Canned Deus Ex Movie Script Changed A Major Aspect Of The Game
Did we ask for this? I'm not even sure anymore.
Movie executives and scriptwriters have been trying to turn games into movies for decades. The last few years have seen some notable successes--Sonic, Detective Pikachu, Netflix's Castlevania series--but so many others have missed the point. The latest example comes from a newly-leaked script for a Deus Ex movie that never made it to production (via USA Today).
Back in 2012, director Scott Derrickson was hot off of the success of Sinister--apparently the scariest movie ever made--but hadn't yet picked up Doctor Strange responsibilities from Marvel Studios. At that time, he was working on an adaptation of 2011 game Deus Ex: Human Revolution with Sinister collaborator C. Robert Cargill. The movie was ultimately scrapped, but Scott Kinney, development executive for Prime Universe Productions, supplied a 2014 draft of the script to USA Today, along with a few interesting reveals about the process of making the movie.
Perhaps most notable about the script is one particular change to the game's story. In the game, protagonist Adam Jensen wakes up after an explosion with a bunch of experimental cybernetic augmentations in his body. Of course, they give Jensen all kinds of new abilities, but in the world of Deus Ex, enhanced people are treated differently from "pure" people. When asked how he's handling the augmentations, Jensen replies "I never asked for this."
Much of the script follows the game, but when Jensen wakes up in the hospital after the explosion, he literally asks his boss, David Sarif, to augment him for the purpose of getting revenge.
Later in the movie, though, Jensen is facing off against one of the movie's primary antagonists, Barrett, and just as he slices off Barrett's arm, he says "I never asked for this." The scene is really cheesy, even compared to the rest of the script, and both of these examples miss what seems like a really important part of Jensen's story--that he was augmented against his will. From Super Mario Bros. to Assassin's Creed, this is one of the biggest concerns gamers have going into films based on their favorite franchises. Is it an actual adaptation, or is it just a licensed name that loses the heart of the original story?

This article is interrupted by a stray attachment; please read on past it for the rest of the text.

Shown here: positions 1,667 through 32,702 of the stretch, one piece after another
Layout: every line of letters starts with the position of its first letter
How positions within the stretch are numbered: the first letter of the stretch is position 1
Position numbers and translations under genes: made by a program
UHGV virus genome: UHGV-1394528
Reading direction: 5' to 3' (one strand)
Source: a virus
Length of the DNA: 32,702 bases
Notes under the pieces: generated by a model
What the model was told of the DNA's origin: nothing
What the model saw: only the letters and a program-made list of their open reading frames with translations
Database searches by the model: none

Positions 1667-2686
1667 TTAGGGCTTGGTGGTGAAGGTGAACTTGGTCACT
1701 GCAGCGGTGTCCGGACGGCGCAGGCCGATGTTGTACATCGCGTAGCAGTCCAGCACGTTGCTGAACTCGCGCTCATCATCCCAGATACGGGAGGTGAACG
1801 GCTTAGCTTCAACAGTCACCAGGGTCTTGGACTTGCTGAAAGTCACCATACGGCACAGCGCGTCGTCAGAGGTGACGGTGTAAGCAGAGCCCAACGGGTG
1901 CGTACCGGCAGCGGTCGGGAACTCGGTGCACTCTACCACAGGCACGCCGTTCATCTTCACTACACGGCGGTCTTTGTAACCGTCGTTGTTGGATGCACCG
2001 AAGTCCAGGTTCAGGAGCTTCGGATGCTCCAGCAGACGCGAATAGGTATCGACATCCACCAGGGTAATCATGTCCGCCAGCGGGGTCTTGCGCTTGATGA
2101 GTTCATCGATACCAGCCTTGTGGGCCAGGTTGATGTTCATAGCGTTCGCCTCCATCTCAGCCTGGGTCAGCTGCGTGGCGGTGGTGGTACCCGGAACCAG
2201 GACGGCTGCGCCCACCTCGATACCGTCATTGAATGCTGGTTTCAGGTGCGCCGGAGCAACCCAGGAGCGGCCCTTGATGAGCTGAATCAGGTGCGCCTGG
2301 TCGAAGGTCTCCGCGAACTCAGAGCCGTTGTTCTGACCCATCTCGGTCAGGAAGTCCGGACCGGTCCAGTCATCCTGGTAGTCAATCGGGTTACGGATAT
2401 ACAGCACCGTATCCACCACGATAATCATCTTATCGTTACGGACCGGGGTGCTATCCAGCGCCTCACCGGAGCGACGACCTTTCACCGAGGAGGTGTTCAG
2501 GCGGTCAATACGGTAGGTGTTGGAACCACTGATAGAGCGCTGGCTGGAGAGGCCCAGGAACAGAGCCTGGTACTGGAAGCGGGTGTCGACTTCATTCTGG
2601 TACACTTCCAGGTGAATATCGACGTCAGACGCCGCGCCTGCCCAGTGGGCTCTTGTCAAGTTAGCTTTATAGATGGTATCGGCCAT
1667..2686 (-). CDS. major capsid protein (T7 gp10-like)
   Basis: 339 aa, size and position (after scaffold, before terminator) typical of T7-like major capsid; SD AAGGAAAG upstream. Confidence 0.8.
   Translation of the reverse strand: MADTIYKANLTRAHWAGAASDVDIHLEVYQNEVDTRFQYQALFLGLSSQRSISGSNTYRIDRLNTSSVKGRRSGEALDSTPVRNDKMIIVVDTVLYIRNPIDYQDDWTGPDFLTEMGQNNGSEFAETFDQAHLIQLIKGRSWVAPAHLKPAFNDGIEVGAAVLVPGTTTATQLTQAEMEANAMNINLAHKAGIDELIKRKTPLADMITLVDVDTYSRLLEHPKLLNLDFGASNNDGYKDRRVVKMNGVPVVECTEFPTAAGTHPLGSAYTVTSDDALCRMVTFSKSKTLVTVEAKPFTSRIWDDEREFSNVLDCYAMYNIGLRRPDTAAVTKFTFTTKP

According to Kinney, the movie was never planned to be rated R despite some really intense action scenes in the script.
"Most studios at the time--this was before Deadpool was such a huge hit with an R rating in the US--were not interested in making big-budget films intended for adult audiences only," he said. "I think it could and should be an R-rated film if made today, and that wouldn't be a hindrance."
So why didn't the movie get made? Well, Doctor Strange is at least partly to blame for that.
"We made really good progress on [the Deus Ex] script, and it's an incredible property," Derrickson told Empire Online. "Those folks over at CBS Films hired myself and C. Robert Cargill, I love them, they're great people. It was a really positive process going on, and it was a little heartbreaking. Getting on Doctor Strange, this was the biggest downside of it. The fact that I needed to stop off Deus Ex. I couldn't expect them to wait two years for me."
According to Kinney, the studio scrapped the script because "Deus Ex wasn't the kind of film they wanted to make or felt comfortable making" at the time, and that they planned to shift away "from making action films like Dwayne Johnson's Faster, which they had previously financed, to films more like The Duff."
USA Today's story has a big chunk of the script that you can read through if you're curious--the script feels like it has potential, even for a draft.
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